FEW ARE ABLE to bridge the gap between the esoteric classical arts and their more popular version. Birju Maharaj did so in dance, Ravi Shankar did so with the sitar. Shiv Kumar Sharma was unique in that he was able to introduce a third element—folk—and bring it to the attention of the connoisseurs as well as more mainstream audiences who learnt to identify Yash Chopra’s lush romances with the mellow strains of Kashmir’s Sufiyana instrument.
A gifted child who played the tabla on SD Burman’s immortal song, ‘Mose chhal kiye jaaye’, from Vijay Anand’s Guide (1965), Sharma turned his attention to the santoor, rescuing it from obscurity, updating it, and performing classical music with it. He did it at the behest of his father and guru, Uma Dutt Sharma, who believed his name would become synonymous with the santoor.
It did, but it took years of sadhana (practice) and alignment of mann (thought), vachan (speech) and karam (action). Sharma believed music was a spiritual journey. “Musicians simply cannot be made in one lifetime,” he once said to Ina Puri in the book Shiv Kumar Sharma: The Man & His Music (2014). Indeed, the first time he played the santoor was for radio in 1952, which means his commitment to the instrument spanned 70 years. It survived many distractions. KA Abbas wanted him to be one of the heroes in Saat Hindustani (1969), along with Amitabh Bachchan. He refused. V Shantaram wanted him to compose for his film when he was a mere 17-year-old. He refused, citing his school-leaving exams. As part of the popular duo, Shiv-Hari (flautist Hariprasad Chaurasia), he was busy composing film music almost exclusively for Yash Chopra who understood their rhythm. But the two men called it a day at the height of their success because it interfered with their classical practice. Sharma always listened to the antardhwani, the voice within, also the name of the documentary by Jabbar Patel.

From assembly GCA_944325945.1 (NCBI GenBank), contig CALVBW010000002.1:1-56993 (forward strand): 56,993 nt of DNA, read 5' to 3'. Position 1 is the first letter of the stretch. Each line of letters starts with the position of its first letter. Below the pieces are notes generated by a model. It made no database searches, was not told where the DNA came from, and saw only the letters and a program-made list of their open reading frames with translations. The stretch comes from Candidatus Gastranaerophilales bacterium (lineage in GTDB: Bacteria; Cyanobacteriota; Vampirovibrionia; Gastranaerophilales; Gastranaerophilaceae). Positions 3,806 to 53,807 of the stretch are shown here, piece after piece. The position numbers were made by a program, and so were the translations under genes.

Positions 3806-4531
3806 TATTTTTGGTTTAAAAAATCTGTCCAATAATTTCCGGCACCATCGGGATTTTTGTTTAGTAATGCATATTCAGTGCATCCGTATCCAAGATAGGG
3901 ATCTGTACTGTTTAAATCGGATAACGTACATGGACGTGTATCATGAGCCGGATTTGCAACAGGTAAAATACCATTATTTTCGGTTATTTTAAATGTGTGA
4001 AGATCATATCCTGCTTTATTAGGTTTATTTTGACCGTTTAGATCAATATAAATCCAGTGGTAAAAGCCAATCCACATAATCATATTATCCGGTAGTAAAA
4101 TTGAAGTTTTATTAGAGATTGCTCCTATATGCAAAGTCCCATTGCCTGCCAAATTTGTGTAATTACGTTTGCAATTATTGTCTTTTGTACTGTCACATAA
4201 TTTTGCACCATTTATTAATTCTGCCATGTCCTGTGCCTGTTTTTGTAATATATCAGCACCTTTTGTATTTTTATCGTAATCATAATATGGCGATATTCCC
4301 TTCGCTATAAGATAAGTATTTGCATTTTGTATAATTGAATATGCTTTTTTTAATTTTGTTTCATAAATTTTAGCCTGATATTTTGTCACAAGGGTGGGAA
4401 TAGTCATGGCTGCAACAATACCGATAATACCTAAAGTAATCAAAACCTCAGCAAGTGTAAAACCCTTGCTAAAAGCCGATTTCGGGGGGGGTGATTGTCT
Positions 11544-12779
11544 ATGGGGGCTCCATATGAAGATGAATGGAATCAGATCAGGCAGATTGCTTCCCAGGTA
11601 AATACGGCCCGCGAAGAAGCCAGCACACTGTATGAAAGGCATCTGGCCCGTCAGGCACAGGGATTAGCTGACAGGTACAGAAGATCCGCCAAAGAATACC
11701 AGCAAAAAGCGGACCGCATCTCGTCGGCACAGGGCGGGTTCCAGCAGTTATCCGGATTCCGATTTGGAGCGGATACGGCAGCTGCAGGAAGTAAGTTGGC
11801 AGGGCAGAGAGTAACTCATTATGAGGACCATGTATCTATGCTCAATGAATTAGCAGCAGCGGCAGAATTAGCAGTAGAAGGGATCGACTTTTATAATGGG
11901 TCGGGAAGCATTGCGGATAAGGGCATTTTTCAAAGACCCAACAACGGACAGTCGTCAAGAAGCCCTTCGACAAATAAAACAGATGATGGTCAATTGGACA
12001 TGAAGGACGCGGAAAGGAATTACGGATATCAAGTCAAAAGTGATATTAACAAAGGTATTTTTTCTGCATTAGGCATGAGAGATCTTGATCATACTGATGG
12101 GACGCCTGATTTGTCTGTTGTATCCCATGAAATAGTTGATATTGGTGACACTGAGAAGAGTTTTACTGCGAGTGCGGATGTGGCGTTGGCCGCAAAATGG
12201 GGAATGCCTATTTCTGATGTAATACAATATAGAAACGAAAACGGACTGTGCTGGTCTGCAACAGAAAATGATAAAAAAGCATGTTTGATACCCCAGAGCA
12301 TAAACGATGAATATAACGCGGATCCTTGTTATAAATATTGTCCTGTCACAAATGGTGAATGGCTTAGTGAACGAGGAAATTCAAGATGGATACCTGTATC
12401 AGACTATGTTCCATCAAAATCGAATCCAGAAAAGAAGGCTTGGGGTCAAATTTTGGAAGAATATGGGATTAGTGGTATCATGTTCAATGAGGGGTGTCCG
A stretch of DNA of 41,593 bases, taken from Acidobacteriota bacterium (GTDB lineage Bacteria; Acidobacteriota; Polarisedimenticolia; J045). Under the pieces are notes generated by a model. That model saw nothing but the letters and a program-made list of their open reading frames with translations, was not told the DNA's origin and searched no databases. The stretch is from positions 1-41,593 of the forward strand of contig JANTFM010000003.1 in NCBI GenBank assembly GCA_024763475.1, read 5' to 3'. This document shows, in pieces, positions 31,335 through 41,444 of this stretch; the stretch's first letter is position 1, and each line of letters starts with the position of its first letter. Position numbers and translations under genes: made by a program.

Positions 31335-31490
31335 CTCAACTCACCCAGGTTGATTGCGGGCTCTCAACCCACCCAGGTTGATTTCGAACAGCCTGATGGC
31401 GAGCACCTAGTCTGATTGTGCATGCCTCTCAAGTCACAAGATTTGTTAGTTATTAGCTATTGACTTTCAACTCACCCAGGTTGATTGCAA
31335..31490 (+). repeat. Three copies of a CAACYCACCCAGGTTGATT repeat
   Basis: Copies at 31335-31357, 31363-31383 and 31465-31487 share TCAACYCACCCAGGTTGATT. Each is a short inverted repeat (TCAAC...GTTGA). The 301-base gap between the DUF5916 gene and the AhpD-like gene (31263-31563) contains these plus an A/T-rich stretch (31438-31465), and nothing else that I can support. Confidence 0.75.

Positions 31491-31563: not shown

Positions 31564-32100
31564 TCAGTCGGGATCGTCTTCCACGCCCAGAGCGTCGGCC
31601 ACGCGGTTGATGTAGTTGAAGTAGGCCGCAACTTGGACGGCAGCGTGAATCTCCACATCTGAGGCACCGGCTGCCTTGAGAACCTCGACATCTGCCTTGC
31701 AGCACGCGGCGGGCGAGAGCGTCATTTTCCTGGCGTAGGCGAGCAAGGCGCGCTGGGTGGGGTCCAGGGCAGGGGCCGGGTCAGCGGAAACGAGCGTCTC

Talent alone is never enough. It needs to be matched with concentration. Inspiration he had in plenty, whether it was his Himachali mother’s folk songs as she did her daily chores or the symphonies he listened to on Radio Delhi as a schoolboy. His work in Mumbai, playing the tabla and then the santoor on a series of bewitching songs that defined Kashmir to the rest of India, from Shammi Kapoor serenading Sharmila Tagore with ‘Taareef karoon kya uski jisne tumhen banaaya’ in Kashmir Ki Kali (1964) to Shashi Kapoor singing ‘Pardesiyon se na akhiya milana’ in Jab Kab Phool Khile (1965). He ensured the santoor found a permanent place in the pantheon of musical instruments, its soothing sound mirroring the water of the Lidder flowing over rocks in Pahalgam and the sound of the wind in the pine trees on the horse-ride to Gulmarg.
Sharma was an ambassador of Jammu and Kashmir in the cultural heart of the country, Mumbai, his adopted home since 1960. And he represented the best of Kashmiriyat—a Hindu born in Jammu who updated a Sufiyana instrument from the Valley and took it to the world, proving yet again that music has neither a region nor a religion. His music had elevated him above the joys and sorrows of success and failure. He believed one had to do everything in life, flourish and achieve success, but in a detached manner. His spirit, like his mane of silvery curls, always defied gravity. Like the finest of artists, he was of this world and yet apart, carrying the lightness of his greatness like one of his favourite Kashmiri shawls.
His concern was that the santoor would end with him, and that is why he took to teaching, not merely his son, Rahul, but others as well. “It’s not like you get a degree and a PhD and then you’re given a job for life, and after that, a pension. This profession is not like that,” he once said. You have to prove yourself every day and keep learning and keep adding something different to your music.” Not only will his music live on, so will the santoor itself.